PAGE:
What's next for ESLC?

Leveraging the best of ESLC today, while planning for tomorrow

East Side Learning Center (ESLC) has gone through significant change over the past 18 months. That change includes a new Executive Director,  the change in United Way funding, and the shifting needs of our students and partner schools. Through all of that change, I am committed to ensuring that ESLC provides services proven to help children build a foundation in reading so they can complete their education and participate in American society.

After 18 months in this role and listening to staff, funders, and stakeholders, I am more confident than ever that ESLC's work is essential and built upon proven best practices grounded in literacy research.

In response to the changes and challenges ESLC has experienced, theboard, staff and I have spent a lot of time evaluating and strategizing. Here's a summary of our conclustions. next steps we are considering.

Some things will change. Most will not. The mission will remain the same. The model will remain the same. Our Core Values (LEARN) and connection to the mission of the School Sisters of Notre Dame will be nurtured forward. These are key to our welcoming culture and form the foundation for continuing our work. The strategic plan with five focus areas is solid and aligned with research and best practices.

Our three goals are the same:

  1. Children will read at grade level with pride and joy by third grade. Reading by third grade is important because it is the point at which all other curriculum requires reading proficiency. In other words, children move from learning to read to reading to learn.

    ESLC will continue to provide expert literacy tutoring. Licensed educators will still lead each site and adapt lessons and materials to the unique needs of our children.

    In addition, to increase the number of students who achieve this milestone, the ESLC staff and Board are working on ideas to improve efficiency and increase staff capacity and skills to focus on the needs of students with high risk.
  2. Each child has the opportunity to develop a trusting relationship with a caring adult. ESLC’s model makes it possible for each child to develop a meaningful relationship with a tutor who shows up day after day, week after week–a tutor who cares about that particular child. This relationship is not only proven to improve learning, but it also contributes to social emotional growth. One-on-one conversations help children develop oral skills and vocabulary.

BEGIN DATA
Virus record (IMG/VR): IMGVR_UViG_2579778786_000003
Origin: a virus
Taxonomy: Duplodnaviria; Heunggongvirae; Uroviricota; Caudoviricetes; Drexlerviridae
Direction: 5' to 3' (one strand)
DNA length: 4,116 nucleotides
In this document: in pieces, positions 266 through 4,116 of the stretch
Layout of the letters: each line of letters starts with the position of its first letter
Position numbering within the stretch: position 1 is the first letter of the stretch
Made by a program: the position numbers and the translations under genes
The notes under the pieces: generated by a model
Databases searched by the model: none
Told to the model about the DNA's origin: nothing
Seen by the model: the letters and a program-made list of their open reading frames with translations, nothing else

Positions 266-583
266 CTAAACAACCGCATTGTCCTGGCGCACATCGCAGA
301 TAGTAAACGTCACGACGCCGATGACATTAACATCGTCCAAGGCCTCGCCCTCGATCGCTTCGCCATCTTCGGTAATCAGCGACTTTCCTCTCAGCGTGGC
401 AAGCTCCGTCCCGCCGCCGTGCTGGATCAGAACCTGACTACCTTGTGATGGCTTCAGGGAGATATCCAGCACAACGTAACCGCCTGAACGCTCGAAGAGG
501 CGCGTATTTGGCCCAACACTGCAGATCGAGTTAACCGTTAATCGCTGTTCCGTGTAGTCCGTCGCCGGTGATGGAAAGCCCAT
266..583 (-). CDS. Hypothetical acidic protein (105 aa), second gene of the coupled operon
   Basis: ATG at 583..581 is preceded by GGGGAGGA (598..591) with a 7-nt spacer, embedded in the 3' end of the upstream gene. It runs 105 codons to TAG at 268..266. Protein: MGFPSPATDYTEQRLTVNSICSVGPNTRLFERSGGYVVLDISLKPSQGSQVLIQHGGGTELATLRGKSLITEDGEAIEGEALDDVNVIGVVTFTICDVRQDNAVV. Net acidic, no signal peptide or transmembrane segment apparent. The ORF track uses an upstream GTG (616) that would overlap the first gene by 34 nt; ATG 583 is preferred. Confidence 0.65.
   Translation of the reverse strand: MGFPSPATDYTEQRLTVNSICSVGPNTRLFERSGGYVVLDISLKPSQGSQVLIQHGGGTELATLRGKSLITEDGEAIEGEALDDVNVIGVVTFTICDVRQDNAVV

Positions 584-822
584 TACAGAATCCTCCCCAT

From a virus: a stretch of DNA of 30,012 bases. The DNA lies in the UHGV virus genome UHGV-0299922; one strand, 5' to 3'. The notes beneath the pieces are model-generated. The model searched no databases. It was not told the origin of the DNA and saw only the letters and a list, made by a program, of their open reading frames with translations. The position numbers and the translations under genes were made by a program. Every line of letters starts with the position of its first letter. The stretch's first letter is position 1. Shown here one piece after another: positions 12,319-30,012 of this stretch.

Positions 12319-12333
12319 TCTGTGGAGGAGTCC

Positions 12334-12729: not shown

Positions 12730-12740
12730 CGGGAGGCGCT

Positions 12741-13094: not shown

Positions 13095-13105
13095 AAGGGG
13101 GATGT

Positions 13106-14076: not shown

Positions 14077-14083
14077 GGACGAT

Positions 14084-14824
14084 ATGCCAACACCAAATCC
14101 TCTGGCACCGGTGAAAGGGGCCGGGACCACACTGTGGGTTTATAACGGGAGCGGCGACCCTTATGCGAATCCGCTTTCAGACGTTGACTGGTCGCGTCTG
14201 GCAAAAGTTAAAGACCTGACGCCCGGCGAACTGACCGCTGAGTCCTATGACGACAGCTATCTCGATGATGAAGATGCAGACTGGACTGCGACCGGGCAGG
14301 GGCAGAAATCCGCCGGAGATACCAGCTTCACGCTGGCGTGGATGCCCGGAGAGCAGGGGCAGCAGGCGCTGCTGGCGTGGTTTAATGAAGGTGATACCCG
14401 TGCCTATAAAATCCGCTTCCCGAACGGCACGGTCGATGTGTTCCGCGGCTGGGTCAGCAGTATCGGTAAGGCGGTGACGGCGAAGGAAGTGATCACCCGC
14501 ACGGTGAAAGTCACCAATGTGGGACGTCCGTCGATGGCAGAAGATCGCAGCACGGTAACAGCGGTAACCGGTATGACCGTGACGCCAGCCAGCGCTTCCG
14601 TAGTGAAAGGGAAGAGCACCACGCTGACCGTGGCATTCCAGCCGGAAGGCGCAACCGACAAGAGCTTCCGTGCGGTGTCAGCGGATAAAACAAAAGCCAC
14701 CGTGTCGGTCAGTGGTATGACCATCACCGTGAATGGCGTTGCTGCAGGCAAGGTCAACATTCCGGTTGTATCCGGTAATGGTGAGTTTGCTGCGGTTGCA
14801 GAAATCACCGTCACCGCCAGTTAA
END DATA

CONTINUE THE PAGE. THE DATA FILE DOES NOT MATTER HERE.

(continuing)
Tutors increase learning by respecting the child’s culture, ethnicity, language, and personality. They treat each child as a small person with unique gifts, strengths, and values. Trusting tutor-child relationships are ESLC’s secret sauce.

    We will continue to hire professional educators or certified literacy experts to work with the most at-risk students.

  3. Provide parents with resources and tools to encourage their child to read at home, and often. Children who practice reading at home grow their skills faster. Growing faster is essential to catch up by third grade.

    Together—proven literacy education practices, trusting relationships with tutors, and parents—will ensure each child’s reading growth. 

Finally, we will continue to partner with schools and community organizations and leaders to ensure the success of our young readers. We will continue to focus on continuous improvement in these areas to find tactics that help at-risk readers, the percentage of whom has increased over the past several years. 

In summary, the board, staff, and leadership worked hard and efficiently for the first 17 years of ESLC’s “life." The foundation is solid for ESLC to focus squarely on its mission and long-term sustainability.

A vision for ESLC's future: Sustainability and Growth

ESLC will do what it has always done well, including expansion of its continuous improvement activities. We are having conversations to develop earned income opportunities. We will continue to work to become more diverse, equitable, and inclusive for the benefit of the children. We are working with Propel Nonprofits consulting to ESLC to further develop our fundraising strategy so we can focus on increasing our impact on the East Side. All of these strategic and timely discussions are aimed at one thing: ensuring ESLC continues to help children learn to read next year, in 2021, 2025, and 2045.

The most exciting news of the day is a program in partnership with Community of Peace to develop a Pre-Kindergarten Literacy Program. The goal of the program will be to ensure each child is Kindergarten-ready. The evidence is mounting that if children start behind in Kindergarten, catching up is more costly for the community and more challenging for the child. And according to a 2015 study by Lynn Fielding, the gap for children who start behind remains throughout school. In other words, if a child starts school behind, he or she is not likely to catch up.

Today, to be the change for a future filled with confident readers living and working on the East Side, I am personally asking each of you, as stakeholders in this incredible mission, to continue your financial and volunteer support, to call with questions or concerns, and to send your many ideas. We are listening. Please share and contribute to the development of the East Side's future, our children.